The $4 million project to create a downtown Dayton water recreation attraction while eliminating a dangerous low dam has passed a major regulatory hurdle and is on target for work to begin this fall.
The construction of River Run at RiverScape MetroPark would start with the demolition of the Monument Avenue low dam on the Great Miami River, the site of a drowning in 2003 and a number of close calls and near drownings over the years. Construction should be completed one year after it begins.
River Run will feature two dam-like structures with fast-water passages for canoes and kayaks that will be installed from riverbank to riverbank. Each structure, built of large limestone boulders, will have two passageways with drops: one slower passage for canoes and a faster white water passage for kayaks.
With the low dam out of the way, paddlers will have a seven-mile stretch of river from Eastwood MetroPark to Carillon Park to travel without having to take craft out of the water.
The Miami Conservancy District, which manages the system of dams and levees around the region, this week approved a computer model designed to show whether River Run would have an impact on flood control. The city of Dayton, in coordination with the district, must also sign off on the plan on behalf of the Federal Emergency Management Agency.
But the Conservancy District’s review was critical since it’s a deep analysis tailored to ensure that River Run does not create a flood danger.
The Army Corp of Engineers’ regional office in Huntington, W.V., issued its final permit for RiverScape River Run early this year. The Ohio EPA, which looked at how River Run could affect aquatic wildlife, has also approved the project.
Now with the flood control review complete, Five Rivers MetroParks is expected to finish final engineering plans within the next month. That plan is then forwarded to the Conservancy District for the final permit.
Kurt Rinehart, the district’s chief engineer, said engineers reviewed the plan’s modeling of how removing the low dam as well as adding two recreational dam-like structures upstream would impact river flows and existing in-water structures such as bridge pylons.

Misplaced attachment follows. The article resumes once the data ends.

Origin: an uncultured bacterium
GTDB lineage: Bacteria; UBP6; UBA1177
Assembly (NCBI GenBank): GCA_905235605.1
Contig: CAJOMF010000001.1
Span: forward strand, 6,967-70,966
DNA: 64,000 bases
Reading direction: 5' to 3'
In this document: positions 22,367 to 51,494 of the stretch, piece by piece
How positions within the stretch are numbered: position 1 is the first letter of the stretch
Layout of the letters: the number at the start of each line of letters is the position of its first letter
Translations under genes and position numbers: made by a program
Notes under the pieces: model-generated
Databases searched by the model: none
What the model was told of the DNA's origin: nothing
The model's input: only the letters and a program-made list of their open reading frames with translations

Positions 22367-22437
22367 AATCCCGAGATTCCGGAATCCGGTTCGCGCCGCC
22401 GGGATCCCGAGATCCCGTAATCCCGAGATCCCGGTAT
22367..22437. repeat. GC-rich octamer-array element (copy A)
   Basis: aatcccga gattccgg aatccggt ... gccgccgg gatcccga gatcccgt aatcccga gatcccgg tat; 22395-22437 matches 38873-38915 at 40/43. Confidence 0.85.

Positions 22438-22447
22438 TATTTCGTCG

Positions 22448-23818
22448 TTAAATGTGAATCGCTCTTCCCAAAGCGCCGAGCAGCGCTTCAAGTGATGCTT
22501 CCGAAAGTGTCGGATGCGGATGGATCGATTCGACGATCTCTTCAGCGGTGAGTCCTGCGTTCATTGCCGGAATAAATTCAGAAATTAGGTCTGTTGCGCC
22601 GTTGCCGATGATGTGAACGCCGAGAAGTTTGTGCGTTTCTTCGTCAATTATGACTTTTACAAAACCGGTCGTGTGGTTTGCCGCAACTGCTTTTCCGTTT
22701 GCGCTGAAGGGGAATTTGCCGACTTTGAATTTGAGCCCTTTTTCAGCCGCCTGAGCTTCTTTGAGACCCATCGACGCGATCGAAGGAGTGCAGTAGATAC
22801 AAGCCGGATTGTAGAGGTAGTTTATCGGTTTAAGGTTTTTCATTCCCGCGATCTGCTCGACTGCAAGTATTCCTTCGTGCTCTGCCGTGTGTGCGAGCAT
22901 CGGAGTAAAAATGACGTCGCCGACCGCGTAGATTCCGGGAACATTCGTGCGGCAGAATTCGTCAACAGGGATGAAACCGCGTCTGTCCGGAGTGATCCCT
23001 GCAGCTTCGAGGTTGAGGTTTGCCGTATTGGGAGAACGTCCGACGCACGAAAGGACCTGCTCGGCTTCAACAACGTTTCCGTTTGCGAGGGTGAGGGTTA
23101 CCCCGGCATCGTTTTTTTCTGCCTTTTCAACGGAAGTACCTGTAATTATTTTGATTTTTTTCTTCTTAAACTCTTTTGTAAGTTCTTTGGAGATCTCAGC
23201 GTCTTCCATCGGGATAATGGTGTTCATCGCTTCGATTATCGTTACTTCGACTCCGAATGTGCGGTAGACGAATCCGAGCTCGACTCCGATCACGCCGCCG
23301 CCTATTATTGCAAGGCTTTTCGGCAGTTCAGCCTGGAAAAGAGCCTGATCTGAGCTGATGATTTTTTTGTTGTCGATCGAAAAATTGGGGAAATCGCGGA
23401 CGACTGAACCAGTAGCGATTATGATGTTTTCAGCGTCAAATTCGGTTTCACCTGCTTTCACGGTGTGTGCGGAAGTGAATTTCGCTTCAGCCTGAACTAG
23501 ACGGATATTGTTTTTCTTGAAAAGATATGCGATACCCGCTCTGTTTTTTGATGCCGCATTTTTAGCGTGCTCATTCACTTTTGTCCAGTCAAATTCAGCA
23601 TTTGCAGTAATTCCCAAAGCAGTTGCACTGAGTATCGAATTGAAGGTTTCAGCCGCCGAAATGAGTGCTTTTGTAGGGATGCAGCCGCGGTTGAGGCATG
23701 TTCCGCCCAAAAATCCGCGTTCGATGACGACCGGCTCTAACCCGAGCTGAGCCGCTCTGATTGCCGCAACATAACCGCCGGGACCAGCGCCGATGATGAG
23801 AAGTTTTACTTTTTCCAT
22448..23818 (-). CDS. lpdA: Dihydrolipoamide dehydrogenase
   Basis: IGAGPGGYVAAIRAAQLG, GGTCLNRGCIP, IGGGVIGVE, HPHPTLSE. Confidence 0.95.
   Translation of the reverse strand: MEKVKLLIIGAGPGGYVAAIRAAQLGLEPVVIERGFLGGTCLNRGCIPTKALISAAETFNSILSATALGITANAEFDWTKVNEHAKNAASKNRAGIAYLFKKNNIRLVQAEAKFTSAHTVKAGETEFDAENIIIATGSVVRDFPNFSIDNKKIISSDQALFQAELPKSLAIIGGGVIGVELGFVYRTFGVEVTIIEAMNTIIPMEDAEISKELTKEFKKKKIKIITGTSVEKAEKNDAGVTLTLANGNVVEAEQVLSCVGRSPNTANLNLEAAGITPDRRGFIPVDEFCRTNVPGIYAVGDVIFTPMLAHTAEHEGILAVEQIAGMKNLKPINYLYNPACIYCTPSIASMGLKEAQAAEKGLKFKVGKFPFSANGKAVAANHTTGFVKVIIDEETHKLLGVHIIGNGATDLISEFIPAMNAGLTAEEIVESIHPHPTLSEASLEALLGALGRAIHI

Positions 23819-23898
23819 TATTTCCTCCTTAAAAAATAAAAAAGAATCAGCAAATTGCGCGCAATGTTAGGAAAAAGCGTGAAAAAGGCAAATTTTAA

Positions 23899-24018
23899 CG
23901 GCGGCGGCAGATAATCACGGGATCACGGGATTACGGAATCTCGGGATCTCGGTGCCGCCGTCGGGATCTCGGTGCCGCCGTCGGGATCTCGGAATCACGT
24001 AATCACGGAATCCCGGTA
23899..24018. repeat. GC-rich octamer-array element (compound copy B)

The Monument Avenue low dam was built in 1978 to create a pool of water for boating, not for flood control. The computer modeling is based on a U.S. Geological Survey river gauge downtown that’s been in use since the 1920s, he added.
Carrie Scarff, deputy director of Five Rivers MetroParks, which is managing the project, said contractors will be asked to bid on the project as soon as the approvals are in order.
The method for removing the low dam has still to be decided, Scarff said. Construction begins when river levels are at the lowest of the year. Temporary dams, known as coffer dams, will be built upstream to hold water and make the construction easier.
River Run is a top priority for the Downtown Dayton Plan, conceived to improve river safety and boost water recreation, goals that should raise the city’s profile for commercial business and residential development.
The project tapped both public and private funds. The largest contribution to River Run, which has been in the discussion or planning stages for more than a decade, was from the James M. Cox Foundation.
The foundation issued a challenge grant of $1 million. The foundation is the charitable arm of Cox Enterprises and Cox Media Group Ohio which includes the Dayton Daily News, WHIO-TV Channel 7, and WHIO Radio.
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